A YEAR ago Dennis Muilenburg, the chief executive of Boeing, the American aerospace giant, had a problem. Tweets written by Donald Trump, America’s newly elected president, were hitting Boeing’s share price. Initially buoyed by Mr Trump’s promise of extra spending on defence, the firm's share price fell in December 2016 when he suggested in a tweet that an order for new presidential planes worth $ 4bn should be cancelled. After the president elect picked a fight with Lockheed Martin, a rival planemaker, Boeing’s executives were left in fear of being the next target.And so, it seemed, Mr Muilenburg came up with a plan. Boeing would snuggle up to Mr Trump’s “America First” agenda to avoid the flack. Boeing started to stress in its press releases how many American jobs it was creating; it ask
CHOOSING a hotel for a trip is generally seen as an apolitical decision. In contrast, restaurants and cafes have sometimes taken on an ideological tinge, with conservatives mocking liberals for their latte coffees, and liberals ribbing conservatives for their deep-fried everything and well-done steaks. But for most hotel users, location and good Wi-Fi matter more than the ideology of the owners. In some places that now appears to be changing: a trend turbocharged since the arrival of Donald Trump, an owner of an international hotel brand, in politics.Suddenly the new Trump International Hotel in Washington, DC—on the same street as the White House and Capitol building—became the most politically-charged building in the city, if not the country. Celebrity chefs scrapped their plans to open
Earnings season is upon us, with all four of the nation's biggest banks set to report third-quarter results this week. JPMorgan Chase (NYSE: JPM) and Citigroup (NYSE: C) will kick things off on Thursday, followed by Bank of America (NYSE: BAC) and Wells Fargo (NYSE: WFC) on Friday.Here's what to expect from Bank of America's performance in the three months ended Sept. 30, 2017.Image source: Getty Images.Bank of America's 3Q earnings previewGenerally speaking, Bank of America's earnings are expected to rise. In the third quarter of last year, the nation's second-biggest bank by assets earned $ 0.41 per share. The consensus estimate for the just completed quarter, by contrast, pegs the bank's earnings per share at $ 0.46, which would translate into a 12% inc...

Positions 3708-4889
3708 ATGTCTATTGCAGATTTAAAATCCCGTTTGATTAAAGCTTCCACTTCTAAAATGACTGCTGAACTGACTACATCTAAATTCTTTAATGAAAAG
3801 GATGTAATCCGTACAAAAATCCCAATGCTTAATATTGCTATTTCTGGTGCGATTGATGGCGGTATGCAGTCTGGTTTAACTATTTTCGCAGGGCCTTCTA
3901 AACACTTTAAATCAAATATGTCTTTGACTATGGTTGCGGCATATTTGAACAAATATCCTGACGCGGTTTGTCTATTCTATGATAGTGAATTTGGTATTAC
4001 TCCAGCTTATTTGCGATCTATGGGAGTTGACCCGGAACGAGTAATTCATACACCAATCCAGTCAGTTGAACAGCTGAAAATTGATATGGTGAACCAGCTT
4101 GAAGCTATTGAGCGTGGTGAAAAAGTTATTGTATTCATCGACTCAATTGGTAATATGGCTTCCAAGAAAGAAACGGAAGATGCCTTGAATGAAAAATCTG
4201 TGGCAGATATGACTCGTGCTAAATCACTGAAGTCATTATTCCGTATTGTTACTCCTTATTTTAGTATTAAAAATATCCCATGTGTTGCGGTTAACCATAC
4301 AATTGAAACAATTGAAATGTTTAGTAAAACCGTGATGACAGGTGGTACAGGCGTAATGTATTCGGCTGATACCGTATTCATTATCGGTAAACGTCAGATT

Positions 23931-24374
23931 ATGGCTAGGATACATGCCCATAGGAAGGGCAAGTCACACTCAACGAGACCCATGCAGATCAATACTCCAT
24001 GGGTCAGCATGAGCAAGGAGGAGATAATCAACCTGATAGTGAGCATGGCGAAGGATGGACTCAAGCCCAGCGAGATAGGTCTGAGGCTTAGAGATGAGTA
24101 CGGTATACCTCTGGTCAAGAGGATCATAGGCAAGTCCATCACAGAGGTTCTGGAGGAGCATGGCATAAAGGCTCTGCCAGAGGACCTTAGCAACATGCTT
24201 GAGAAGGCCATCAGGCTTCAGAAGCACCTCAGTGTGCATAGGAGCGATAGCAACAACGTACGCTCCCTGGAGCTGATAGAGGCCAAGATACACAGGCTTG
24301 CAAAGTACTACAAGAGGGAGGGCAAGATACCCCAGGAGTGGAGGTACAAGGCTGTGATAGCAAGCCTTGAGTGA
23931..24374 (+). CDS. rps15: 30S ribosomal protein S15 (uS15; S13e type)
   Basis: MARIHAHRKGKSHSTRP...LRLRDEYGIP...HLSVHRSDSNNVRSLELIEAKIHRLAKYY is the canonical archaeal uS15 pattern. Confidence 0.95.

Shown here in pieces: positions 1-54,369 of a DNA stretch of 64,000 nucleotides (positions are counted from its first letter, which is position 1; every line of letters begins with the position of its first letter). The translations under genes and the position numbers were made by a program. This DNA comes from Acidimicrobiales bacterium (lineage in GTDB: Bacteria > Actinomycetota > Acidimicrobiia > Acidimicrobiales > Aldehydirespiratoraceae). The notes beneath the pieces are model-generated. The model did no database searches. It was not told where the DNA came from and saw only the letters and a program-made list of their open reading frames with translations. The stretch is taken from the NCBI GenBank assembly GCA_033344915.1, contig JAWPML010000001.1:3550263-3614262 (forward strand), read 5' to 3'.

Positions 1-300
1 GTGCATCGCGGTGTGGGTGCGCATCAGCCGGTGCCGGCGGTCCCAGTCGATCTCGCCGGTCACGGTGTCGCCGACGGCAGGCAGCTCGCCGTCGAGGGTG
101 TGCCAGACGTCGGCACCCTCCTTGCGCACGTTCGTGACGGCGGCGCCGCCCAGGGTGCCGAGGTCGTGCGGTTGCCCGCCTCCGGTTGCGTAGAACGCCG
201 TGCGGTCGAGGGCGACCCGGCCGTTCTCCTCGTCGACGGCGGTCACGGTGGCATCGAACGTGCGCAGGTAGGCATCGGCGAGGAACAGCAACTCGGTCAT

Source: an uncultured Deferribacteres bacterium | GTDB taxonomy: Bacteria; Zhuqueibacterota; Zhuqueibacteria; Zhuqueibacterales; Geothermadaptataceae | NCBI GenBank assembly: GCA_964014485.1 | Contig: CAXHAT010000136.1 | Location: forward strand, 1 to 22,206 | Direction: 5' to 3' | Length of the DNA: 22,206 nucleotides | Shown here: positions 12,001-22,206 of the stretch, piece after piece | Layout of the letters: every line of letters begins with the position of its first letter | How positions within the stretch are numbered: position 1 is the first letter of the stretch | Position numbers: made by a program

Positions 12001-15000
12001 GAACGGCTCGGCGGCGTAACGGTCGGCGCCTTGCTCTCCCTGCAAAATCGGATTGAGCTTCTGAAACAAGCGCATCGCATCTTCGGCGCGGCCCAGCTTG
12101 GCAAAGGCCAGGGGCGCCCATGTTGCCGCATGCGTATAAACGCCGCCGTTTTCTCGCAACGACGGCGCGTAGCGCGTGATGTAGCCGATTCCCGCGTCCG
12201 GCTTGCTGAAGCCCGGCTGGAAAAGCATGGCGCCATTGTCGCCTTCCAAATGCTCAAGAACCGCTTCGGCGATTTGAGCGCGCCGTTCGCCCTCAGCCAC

WHEN North Korea said on September 3rd that it had developed a hydrogen bomb, adding that it could be used for a “super-powerful” high-altitude electromagnetic pulse (HEMP) attack, America’s electricity industry was already on alert. Sceptics tend to dismiss as far-fetched the idea that the rogue regime would knock out the electricity grid by detonating a nuclear bomb high in the atmosphere. Regulators have not mandated safety measures. But the utilities are taking it seriously enough.They are more than a year into a three-year programme, funded by about 60 electricity firms, to understand the potential impact of a HEMP attack on the generation and transmission of electricity, and to find ways to shield the network. Such concerns are not new. In 1962, when America exploded nuclear devices
LAST year, Bob Fornaro, the boss of Spirit Airlines, talked of the effort his firm had made to reduce the number of customer complaints. The ultra-low-cost carrier, dubbed the most hated airline in America by Bloomberg, had long been ranked as a primary purveyor of passenger pain, regularly propping up lists that rate airline service. Alas, Mr Fornaro’s efforts seem to have gone unrewarded. Complaints per passenger remain easily the highest of any of the big American operators. In fact, as our chart shows, things seem to be getting worse.One consolation for Spirit is that the same is true of nearly all its competitors. Of the 12 biggest carriers in the country, only Hawaiian saw a (tiny) decrease in complaints in April 2017, compared with a year earlier. Delta, Virgin America and ExpressJe